If we’re to judge by Cora’s clinical appearance, I’d say she’s healthy. Since Friday, she’s continually improved, walking straighter, not shaking as much when her head is down, and seeming much less confused. Whereas I thought maybe her head would at last be straight, which it hasn’t been since her first vestibular episode, it seems the left-leaning tilt may remain, and that’s okay. After all, it’s just as cute as her right tilt was.

Cora’s Vestibular Disease, Part 1

I haven’t had much time to post here in the past year, but last week I got a terrible reminder of one of the reasons I started this blog in the first place—to have a record of issues we go through with the dogs.

One morning at the end of January this year, Cora scared the bejeezus out of us by being, well, spaghetti-like. She was unable to stand, and whenever she tried, she just fell down, limp as could be. She had the will to walk and do everything her brothers were doing, and she still wagged her tail, but she seemingly had no control over her body. We thought she was having a stroke. It was terribly frightening!

Fortunately, the symptoms began the day that one of our vets was to come to our house to give Dusty acupuncture for a cruciate ligament tear we were treating through conservative management (another blog post I should’ve written). The vet examined Cora off the record, suggesting we get her to the clinic for a full “official” exam, and pointed out her nystagmus—the darting of her eyes. He felt fairly certain Cora had geriatric vestibular disease. The word disease in the name knifed fear into my heart—would she live out her days unable to control her body? He then told me that when his dog had it, it lasted about two weeks and resolved itself. Phew!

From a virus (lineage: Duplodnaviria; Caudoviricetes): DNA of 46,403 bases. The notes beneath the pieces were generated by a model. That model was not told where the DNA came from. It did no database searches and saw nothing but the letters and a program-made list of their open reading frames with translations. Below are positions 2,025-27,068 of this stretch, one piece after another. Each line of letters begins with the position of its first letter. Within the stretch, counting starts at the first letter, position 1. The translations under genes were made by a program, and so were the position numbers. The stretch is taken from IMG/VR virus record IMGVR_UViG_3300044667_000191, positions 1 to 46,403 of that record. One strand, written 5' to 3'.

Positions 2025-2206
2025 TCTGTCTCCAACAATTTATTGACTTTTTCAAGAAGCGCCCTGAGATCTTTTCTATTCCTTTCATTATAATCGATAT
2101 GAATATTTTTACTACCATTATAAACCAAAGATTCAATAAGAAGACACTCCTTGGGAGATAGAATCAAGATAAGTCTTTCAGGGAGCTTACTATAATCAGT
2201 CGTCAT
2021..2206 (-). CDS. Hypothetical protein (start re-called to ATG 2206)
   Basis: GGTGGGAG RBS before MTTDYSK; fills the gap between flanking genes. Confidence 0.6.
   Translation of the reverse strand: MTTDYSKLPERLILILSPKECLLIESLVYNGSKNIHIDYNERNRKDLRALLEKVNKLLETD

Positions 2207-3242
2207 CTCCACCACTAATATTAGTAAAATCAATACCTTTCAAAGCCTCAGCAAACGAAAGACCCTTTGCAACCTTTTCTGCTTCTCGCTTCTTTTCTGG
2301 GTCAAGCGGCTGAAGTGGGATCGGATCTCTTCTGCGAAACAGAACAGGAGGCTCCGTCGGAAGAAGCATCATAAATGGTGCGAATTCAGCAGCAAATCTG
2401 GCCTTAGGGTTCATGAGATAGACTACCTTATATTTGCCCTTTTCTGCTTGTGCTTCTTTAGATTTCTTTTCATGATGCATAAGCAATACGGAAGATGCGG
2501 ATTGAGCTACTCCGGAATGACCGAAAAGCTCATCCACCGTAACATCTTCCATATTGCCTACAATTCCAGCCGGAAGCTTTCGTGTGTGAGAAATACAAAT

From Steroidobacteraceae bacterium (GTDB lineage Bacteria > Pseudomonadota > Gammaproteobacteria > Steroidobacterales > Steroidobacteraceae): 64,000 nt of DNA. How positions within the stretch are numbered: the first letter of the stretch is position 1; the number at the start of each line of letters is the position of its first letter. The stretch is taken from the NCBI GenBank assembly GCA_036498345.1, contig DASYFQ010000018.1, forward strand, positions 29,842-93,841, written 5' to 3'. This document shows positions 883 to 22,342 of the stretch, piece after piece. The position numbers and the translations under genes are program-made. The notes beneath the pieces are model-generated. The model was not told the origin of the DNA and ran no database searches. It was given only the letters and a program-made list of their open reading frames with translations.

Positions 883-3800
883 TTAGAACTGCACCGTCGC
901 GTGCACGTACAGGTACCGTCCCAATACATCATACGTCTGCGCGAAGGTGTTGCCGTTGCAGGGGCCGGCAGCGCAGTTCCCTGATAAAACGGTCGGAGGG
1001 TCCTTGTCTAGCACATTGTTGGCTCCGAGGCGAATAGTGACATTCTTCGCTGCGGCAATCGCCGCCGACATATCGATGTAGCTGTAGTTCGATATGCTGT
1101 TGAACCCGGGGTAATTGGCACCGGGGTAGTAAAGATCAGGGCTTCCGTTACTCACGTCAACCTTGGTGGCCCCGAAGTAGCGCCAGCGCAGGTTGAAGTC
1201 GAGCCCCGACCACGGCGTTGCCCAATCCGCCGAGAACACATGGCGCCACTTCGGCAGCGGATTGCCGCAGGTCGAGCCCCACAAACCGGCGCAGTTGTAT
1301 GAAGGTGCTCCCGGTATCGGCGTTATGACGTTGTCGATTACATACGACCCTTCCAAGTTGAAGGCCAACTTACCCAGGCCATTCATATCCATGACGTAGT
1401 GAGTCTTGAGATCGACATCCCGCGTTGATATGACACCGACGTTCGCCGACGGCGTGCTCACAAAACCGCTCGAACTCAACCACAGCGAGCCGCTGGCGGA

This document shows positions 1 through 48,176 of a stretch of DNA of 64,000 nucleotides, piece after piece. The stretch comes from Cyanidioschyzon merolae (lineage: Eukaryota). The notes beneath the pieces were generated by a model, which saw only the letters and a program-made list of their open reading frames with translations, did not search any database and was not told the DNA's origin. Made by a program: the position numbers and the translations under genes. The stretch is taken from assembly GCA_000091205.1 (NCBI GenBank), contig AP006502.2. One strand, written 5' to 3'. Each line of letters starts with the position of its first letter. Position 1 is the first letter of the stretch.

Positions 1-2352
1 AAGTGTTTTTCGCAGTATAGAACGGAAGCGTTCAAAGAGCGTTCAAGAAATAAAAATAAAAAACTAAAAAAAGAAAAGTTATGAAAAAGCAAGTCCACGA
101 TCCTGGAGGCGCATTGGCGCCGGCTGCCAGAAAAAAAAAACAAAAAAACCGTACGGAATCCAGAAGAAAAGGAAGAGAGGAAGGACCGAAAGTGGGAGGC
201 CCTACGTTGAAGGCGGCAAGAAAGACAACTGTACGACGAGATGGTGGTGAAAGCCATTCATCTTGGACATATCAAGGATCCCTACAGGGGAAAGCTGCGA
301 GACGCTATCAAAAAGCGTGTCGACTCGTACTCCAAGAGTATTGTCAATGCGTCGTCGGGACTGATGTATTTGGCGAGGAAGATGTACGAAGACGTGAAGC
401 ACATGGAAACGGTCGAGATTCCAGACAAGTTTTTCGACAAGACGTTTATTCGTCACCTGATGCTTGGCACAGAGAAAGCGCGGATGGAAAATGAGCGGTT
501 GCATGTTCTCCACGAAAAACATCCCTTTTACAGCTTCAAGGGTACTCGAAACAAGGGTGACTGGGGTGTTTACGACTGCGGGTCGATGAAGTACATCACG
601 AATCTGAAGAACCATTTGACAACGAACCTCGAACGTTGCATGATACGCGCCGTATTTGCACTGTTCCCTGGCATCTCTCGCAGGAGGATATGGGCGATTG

Vestibular disease, I learned through many Facebook friends whose dogs had gone through it, is not all that uncommon in senior dogs, and, more important, it’s not a death knell. Essentially, it’s an episode of vertigo. Cora was dizzy, as evidenced by her eye movements (nystagmus), which in her case started out as diagonal, not back and forth or up and down, and through her poor sense of balance. Most often, vestibular disease is considered idiopathic, meaning that there’s no known cause—it’s just age related.

However, because Cora has had ear infections on and off since we adopted her, the vet assumed an ear infection could be causing her symptoms, and sure enough, examination showed inflammation (despite regular ear cleanings!), so she prescribed two weeks’ worth of antibiotics.

Cora’s condition worsened a bit on the second or third day, when she started circling in the backyard. Our vet was a little worried by this because vestibular symptoms should only start improving after the first day. The circling happened on and off for a couple more days. But we waited it out because other things were normalizing—her nystagmus wasn’t noticeable to the naked eye, she was able to walk around the block, and she wasn’t vomiting or avoiding food (quite the opposite, as usual).

Cora rocking the head tilt.

Cora rocking the head tilt.

By the time she finished the antibiotics, Cora seemed mostly back to normal. She was safely jumping onto and off of furniture, going on our long walks and keeping up, and being as energetic and kooky as usual. Two main symptoms remained: her head tilt, which the vet had warned might never go away, and a bit of a lazy eye—both on the right side.

Then a day or two after she finished the antibiotics, Cora’s symptoms worsened again. I don’t remember exactly what was going on, but the vet decided to put her on antibiotics for another four or six weeks.

Once that course of antibiotics was done, Cora was back to normal (yay!), except for the head tilt and the lazy eye, both very cute qualities, we think. 🙂

And then in August …